Thursday, December 24, 2015

Friday, December 18, 2015

Froze over…

We usually don’t give props to the propaganda spouting “news”paper in Fort Worth but we are today.  Of course it could be because an actual person (not an employee) wrote the article

If you think your property isn’t in danger, think again.  This is happening all over the metroplex and getting worse.

When those tasked with controlling flood waters say, “we don’t consider downstream”.  Maybe it’s time to give someone that job who does.

Don’t miss this one.  YOU can’t afford to.

Remember way back in the day when we told you “nothing was being done”.  Well, these people remember.

Oh, and one more thing, Dallas – YOU ARE STILL DOWNSTREAM!

Thanksgiving floods took a toll downstream in east Fort Worth

The release of water from area lakes with no warning, combined with the unmonitored impact and lack of oversight for upstream construction and land use, all led to disaster for my operation.

We need to adopt a “no adverse impact” approach to land development and have a flood warning and monitoring system that takes all areas of the city and its residents equally into account.

But between 6 and 7 a.m., we were flooded after only about three inches of rain over a 15-hour period.

The Fort Worth Fire Department and volunteers helped us evacuate our smaller animals. The horses were easily moved to higher ground.

Sadly, many of our dwarf Nigerian goats and their babies drowned.

Evaluation of the damage showed that the water came in an unprecedented tidal wave.

Property owners on the east side of Fort Worth have expressed their concerns to the city and the U.S. Army Corp of Engineers. The river on the east side cannot handle the volume created by the changes that have been made upstream.

Flood control measures have been made from downtown to the Handley-Ederville area, but nothing has been done to the east to manage the river flow.

The Tarrant Regional Water District and the Corps of Engineers control water discharge from the lakes. They take care to protect the houses on the lakes, but apparently without concern for those downstream.

Downstream property owners should receive notification of planned upstream water releases that might cause flooding.

Construction development in the area should be monitored and land use regulations should be enforced so as not to cause an adverse impact on residents downstream.

I urge our elected officials and the various leadership teams of the Tarrant Regional Water District, the city and the Corps of Engineers to help all of us protect our properties and our very livelihoods.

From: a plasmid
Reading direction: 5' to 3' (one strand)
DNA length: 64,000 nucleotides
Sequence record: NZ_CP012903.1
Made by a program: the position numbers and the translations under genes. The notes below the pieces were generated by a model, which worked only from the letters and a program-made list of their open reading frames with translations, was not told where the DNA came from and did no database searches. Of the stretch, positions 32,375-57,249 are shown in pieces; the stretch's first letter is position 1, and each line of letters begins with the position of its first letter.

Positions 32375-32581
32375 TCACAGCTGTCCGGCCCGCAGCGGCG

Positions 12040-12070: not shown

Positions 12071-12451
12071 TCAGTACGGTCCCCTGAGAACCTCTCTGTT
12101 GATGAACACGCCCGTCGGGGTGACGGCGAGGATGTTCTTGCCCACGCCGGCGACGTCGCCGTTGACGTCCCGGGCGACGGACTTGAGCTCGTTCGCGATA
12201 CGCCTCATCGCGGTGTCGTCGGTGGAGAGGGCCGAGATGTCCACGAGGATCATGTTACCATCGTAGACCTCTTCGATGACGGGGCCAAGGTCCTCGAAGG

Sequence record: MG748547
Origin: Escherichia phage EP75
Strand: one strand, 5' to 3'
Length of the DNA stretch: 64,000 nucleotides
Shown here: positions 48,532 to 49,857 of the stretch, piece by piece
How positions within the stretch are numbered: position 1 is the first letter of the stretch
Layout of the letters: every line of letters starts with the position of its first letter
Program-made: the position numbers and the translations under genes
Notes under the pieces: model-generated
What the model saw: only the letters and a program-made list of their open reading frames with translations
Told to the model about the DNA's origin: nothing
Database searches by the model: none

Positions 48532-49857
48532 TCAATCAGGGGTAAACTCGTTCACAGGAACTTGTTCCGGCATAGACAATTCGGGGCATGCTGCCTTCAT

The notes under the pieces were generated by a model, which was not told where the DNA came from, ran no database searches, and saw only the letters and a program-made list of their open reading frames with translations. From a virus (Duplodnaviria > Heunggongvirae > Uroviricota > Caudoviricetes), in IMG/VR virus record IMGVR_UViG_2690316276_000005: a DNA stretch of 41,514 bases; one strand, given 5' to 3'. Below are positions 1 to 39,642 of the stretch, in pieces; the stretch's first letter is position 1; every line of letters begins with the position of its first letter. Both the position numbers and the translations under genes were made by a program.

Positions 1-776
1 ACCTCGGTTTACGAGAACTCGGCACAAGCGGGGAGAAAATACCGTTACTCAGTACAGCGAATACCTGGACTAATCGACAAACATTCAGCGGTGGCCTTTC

Thursday, December 17, 2015

What's that noise?

It's several hundred pissed off people who keep showing up to the Colleyville Council meetings to voice their displeasure about the High Density plan for Colleyville.

So, anyone want to take a guess what the council did? They voted 5-2 to approve it anyway. So WHO is the council representing? The citizens or the developers? (It was rhetorical).

The vote did not go over well, the masses loudly voiced their displeasure and wanted to know who is up for reelection in May. It sounds like you might want to stop by and say Bye to the Mayor.

Colleyville residents angry over housing in city’s future plan

Mary says-

Please read and share!

You Have Milk On Your Face Fort Worth

The disparity between now average citizens and people with money and power are treated by our local government has to stop!!!

Monday, December 14, 2015

What does Clyde say?

We recently shared what the Fort Worth Charter Amendments could end up being.  We were curious what a former council member would have to say about it.  We didn't have to go far. This is what Clyde Picht had to say....

Increasing number of council districts to 11 is good. The city is too large area wise for council members to be familiar with their territory.

Increasing terms to three years has advantages for the incumbents more than the residents.

Increasing salaries essentially removes public service from the motivation for running for council. We'll have council members so dependent on salaries that they will go to extra measures to get re-elected.

Incumbents already have the advantage o
f garnering larger campaign contributions than those attempting a first run for council. Some organizations will only support incumbents as long as they have been treated well. With higher salaries we can expect very little turnover in council members. With that we get the same deadwood as we have in congress. There are plenty of perks for council members that if they can't afford to be there they don't need to run for re-election. Higher salaries are only good for council members, but bad for the public at large.

The above comment I posted to an article in the Business Press. The council will follow the recommendations of the charter review committee especially concerning salaries. Our city council is a policy making body. They hire a city manager and staff at very nice salaries and benefits to carry out their policy. There is no justification for salary increases just because Dallas or Austin pays high salaries. When I served on the council there was enough motivation for public service that many qualified candidates ran in spite of the meager $75/meeting stipend. Lest we turn our city council into a national congress look alike, voters should reject the salary proposal. Even with term limits the responsibility doesn't warrant high pay.